Log in

No account? Create an account

Previous Entry | Next Entry

Showtime has run the first couple of episodes of a new series: “The Affair” (original airings on Sunday evenings at 10pm, 9pm Central, with rebroadcasts throughout the week) which has a lot of really great stuff for any writer to chew on when it comes to interpersonal relationships. I can see how it potentially could become a series to not just watch over and over, but to study.

The concept of the story is deceptively simple, or should that be simply deceptive? We are seeing the tale told in flashbacks from an as yet unrevealed number of years in the future, explained from the points of view of the two participants. Noah (played by Dominic West - Best known to American audiences as Jimmy McNulty from HBO's long running series "The Wire") is a new novelist and Brooklyn high school teacher, out with his family on a summer vacation stay at his wildly successful Father-in-law writer’s estate, to craft his second book. Alison (played by Ruth Wilson) is a waitress at a roadside diner they arrive at shortly before getting to their destination, near Montauk and the far reaches of Long Island. It's already fascinating with two British actors playing these two lead roles as American as a cuppa joe and a piece of pie.

The bonding moment comes when the youngest daughter chokes while sitting in the luncheon booth. In Noah’s remembrance, he rescued his daughter. In Alison’s version, she saved the day. In either event, why a restaurant worker didn’t know the Heimlich maneuver is puzzling. But that’s far from the most unusual element of this show.

The intriguing quality is in the tantalizing clues that are dropped like breadcrumbs leading us to that destination. Alison lost her three to four year old son about a year before the affair began, making her version of the early part of the story more somber. Both participants have very attractive and accomplished spouses (Maura Tierney and Joshua Jackson), heightening the stakes. Circumstances of a small area, limited people and frequent path crossings mean that there is no escaping the constant opportunity of seeing that other person, with other family members starting to weave themselves into the skein of this torrid and potentially terrible tapestry.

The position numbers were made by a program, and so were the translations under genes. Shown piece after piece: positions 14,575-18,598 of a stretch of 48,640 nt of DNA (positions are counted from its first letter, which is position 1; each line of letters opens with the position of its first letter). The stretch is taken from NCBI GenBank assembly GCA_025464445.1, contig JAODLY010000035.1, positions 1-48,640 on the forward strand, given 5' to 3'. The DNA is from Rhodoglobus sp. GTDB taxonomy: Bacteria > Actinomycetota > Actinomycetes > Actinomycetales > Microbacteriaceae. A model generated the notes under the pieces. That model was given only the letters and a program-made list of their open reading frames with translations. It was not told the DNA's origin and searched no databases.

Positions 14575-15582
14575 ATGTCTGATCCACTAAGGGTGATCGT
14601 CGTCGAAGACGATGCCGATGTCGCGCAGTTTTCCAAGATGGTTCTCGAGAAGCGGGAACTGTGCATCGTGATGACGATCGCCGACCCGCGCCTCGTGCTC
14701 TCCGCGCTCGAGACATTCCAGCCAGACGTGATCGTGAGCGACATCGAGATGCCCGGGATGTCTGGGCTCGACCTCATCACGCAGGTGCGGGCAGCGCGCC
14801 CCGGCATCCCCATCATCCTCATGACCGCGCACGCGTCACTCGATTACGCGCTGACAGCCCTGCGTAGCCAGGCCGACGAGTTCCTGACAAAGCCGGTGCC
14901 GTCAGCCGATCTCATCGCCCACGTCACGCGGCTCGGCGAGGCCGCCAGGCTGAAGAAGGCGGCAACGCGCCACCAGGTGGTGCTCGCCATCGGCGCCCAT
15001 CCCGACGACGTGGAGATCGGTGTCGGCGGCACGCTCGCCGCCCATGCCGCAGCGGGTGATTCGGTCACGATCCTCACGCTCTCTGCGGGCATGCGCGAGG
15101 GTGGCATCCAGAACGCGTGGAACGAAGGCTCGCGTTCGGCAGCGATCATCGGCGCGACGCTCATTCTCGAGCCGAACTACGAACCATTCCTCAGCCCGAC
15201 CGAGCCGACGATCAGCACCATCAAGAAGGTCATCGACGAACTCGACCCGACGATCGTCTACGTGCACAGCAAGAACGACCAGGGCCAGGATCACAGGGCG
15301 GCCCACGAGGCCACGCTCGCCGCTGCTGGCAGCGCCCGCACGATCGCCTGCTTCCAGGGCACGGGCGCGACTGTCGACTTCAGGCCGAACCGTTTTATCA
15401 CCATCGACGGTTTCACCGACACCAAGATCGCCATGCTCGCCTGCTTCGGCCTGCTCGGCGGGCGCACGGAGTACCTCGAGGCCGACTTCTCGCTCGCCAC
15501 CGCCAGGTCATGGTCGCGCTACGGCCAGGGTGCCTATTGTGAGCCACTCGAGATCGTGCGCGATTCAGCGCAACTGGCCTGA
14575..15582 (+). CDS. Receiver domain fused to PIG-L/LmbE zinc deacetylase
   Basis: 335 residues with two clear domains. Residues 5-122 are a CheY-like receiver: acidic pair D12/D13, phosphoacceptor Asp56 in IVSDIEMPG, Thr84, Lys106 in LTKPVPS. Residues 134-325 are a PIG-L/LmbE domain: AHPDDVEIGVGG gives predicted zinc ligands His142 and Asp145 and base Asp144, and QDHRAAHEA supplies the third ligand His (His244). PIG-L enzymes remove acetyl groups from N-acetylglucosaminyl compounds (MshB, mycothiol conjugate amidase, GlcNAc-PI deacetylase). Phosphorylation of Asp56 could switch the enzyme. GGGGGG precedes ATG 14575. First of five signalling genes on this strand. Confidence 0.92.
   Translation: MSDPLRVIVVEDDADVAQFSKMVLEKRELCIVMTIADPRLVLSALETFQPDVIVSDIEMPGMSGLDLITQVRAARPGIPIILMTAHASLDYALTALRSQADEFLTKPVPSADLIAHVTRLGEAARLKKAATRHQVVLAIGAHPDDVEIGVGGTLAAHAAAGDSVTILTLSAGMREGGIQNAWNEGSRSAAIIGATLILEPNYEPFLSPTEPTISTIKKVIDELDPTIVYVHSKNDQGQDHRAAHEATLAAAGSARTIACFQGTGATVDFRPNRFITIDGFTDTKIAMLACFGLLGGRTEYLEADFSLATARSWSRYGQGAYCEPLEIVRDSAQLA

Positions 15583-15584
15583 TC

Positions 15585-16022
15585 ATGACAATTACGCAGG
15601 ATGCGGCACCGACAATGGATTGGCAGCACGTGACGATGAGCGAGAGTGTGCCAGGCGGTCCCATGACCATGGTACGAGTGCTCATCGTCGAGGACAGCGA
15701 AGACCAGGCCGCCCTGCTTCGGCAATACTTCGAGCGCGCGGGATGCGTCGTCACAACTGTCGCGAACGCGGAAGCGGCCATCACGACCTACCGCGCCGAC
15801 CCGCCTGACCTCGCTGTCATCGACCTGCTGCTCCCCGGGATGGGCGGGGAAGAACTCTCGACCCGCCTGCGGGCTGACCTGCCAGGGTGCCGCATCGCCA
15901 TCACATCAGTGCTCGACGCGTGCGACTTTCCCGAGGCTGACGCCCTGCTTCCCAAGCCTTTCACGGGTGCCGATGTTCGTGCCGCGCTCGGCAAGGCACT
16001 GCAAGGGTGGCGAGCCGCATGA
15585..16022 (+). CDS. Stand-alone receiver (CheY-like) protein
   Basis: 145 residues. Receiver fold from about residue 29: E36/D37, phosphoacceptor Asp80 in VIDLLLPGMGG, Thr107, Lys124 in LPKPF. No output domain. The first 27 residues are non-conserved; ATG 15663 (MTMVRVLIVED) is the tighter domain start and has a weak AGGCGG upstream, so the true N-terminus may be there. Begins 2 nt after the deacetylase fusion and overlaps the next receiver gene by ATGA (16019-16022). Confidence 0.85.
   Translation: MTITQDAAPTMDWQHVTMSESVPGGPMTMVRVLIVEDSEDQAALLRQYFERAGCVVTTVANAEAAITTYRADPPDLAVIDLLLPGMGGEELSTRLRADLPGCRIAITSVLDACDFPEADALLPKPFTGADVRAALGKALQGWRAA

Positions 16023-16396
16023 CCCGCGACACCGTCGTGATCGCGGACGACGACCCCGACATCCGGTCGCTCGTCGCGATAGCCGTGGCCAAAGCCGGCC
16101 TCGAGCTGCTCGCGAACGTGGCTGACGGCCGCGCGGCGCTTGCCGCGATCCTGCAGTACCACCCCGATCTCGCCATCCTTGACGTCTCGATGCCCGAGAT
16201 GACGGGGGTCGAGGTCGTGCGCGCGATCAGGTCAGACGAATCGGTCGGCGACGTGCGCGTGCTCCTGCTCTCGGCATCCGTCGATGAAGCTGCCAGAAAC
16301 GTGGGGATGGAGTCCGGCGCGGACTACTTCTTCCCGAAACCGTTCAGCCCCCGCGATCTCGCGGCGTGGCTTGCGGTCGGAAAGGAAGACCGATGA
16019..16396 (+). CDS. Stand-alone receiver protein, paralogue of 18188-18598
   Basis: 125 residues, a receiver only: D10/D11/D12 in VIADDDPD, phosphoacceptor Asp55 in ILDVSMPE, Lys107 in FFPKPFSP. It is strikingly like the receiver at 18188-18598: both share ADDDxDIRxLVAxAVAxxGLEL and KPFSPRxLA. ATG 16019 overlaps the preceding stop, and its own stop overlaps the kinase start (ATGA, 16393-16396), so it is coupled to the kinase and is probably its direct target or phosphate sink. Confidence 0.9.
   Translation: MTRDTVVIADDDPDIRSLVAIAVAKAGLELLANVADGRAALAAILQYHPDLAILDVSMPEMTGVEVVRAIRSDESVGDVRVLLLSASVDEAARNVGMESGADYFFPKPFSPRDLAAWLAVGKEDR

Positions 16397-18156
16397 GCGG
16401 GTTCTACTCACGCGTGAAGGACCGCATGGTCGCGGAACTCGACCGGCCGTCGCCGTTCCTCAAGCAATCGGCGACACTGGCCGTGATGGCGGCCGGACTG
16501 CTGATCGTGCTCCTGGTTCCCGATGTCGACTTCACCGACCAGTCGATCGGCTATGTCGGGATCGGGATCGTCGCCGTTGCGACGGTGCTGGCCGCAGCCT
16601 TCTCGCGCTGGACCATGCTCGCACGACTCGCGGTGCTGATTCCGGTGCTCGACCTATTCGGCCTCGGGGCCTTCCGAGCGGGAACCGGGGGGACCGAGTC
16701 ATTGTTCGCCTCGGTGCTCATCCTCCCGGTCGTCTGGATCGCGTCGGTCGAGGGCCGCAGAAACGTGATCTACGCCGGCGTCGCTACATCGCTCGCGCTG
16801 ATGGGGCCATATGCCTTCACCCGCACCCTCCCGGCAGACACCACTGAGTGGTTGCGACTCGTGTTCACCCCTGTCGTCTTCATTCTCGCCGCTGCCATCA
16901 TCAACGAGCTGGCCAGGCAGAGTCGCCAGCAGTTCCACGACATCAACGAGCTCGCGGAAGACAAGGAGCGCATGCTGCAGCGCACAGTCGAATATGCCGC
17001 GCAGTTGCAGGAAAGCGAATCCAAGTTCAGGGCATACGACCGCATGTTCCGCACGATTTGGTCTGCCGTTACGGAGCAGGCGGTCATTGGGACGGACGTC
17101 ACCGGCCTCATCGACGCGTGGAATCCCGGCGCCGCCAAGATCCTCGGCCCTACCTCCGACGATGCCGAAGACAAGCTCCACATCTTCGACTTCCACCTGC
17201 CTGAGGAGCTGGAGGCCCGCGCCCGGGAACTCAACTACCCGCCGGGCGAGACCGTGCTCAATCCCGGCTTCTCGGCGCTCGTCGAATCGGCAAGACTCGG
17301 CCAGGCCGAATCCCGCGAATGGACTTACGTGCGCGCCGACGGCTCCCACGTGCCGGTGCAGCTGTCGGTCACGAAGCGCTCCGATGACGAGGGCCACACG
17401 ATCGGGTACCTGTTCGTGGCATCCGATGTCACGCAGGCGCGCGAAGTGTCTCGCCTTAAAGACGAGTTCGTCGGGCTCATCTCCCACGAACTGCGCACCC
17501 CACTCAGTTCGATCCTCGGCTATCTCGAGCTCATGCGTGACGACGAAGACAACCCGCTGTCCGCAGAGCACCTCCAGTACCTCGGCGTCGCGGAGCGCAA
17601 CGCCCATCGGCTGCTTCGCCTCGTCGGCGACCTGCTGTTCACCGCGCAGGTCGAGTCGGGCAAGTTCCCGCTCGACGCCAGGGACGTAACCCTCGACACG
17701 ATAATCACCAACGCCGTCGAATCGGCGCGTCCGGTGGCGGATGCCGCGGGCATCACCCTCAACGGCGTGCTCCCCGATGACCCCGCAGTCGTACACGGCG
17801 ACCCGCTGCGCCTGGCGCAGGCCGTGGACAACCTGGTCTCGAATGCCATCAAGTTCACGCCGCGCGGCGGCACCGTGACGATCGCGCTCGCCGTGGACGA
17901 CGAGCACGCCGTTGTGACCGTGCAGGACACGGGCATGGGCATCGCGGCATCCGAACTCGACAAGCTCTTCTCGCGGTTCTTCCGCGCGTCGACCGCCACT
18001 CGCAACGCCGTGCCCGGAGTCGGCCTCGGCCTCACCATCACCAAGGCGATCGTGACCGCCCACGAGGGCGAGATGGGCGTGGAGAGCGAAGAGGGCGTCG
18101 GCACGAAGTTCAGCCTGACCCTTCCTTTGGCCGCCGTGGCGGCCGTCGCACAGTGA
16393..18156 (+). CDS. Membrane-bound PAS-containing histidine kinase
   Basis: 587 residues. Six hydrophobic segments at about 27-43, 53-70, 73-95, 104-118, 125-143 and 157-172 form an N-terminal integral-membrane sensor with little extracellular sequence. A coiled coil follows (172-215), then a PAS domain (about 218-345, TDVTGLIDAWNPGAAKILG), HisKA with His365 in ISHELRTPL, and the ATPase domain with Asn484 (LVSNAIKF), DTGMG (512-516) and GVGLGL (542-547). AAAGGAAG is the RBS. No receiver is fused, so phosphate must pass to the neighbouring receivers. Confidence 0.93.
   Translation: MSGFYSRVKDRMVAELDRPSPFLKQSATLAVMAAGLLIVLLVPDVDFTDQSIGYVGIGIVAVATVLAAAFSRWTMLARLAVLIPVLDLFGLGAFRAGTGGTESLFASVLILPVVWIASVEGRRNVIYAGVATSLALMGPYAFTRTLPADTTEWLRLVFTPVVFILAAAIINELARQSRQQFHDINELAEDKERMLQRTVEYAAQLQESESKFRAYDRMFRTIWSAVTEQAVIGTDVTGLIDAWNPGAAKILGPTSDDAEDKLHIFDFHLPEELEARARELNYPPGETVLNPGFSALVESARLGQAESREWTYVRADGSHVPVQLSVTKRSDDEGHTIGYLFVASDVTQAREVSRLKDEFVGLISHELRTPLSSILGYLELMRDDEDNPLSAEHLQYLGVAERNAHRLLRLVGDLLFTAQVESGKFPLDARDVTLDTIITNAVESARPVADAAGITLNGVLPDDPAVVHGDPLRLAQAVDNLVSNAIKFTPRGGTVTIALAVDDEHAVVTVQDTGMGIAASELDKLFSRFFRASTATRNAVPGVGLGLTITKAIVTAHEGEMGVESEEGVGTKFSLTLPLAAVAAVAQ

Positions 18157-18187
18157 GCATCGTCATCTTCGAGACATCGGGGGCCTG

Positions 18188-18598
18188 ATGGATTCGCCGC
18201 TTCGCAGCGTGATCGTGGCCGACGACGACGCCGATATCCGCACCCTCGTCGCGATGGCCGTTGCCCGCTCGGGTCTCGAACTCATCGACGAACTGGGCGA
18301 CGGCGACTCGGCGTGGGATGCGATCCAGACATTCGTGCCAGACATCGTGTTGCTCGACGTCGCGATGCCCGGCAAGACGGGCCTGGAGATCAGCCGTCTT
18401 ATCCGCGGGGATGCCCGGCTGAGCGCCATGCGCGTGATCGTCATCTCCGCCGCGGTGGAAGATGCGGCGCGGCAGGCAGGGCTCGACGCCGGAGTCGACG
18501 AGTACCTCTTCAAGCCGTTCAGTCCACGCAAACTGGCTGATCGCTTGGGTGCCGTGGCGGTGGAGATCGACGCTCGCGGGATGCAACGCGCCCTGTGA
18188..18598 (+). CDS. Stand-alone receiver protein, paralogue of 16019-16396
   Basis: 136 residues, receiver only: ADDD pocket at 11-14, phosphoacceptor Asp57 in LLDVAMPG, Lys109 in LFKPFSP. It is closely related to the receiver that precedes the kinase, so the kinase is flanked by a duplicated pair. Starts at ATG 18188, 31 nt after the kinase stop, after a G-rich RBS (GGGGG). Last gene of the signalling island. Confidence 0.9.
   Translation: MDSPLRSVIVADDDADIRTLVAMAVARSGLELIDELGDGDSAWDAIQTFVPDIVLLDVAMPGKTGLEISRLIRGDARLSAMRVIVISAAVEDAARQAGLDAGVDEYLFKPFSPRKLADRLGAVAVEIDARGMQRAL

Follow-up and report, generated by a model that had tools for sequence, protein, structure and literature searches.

It’s helpful to remember that we are not seeing the events, but viewing the Rashomon Effect: the differing memories of the people as they recount the tale to a police officer, years later. Why a police officer? It seems someone died. It was apparently an accident, but possibly not. But so far, we only know it was a male, and that he was struck by a vehicle on a road to a club. The hint is, Alison’s husband is the victim, but that hasn’t been confirmed. And Alison’s married name was Lockhart during these flashbacks, but the detective refers to her as Ms. Bailey, a woman who already has another child as these interviews progress.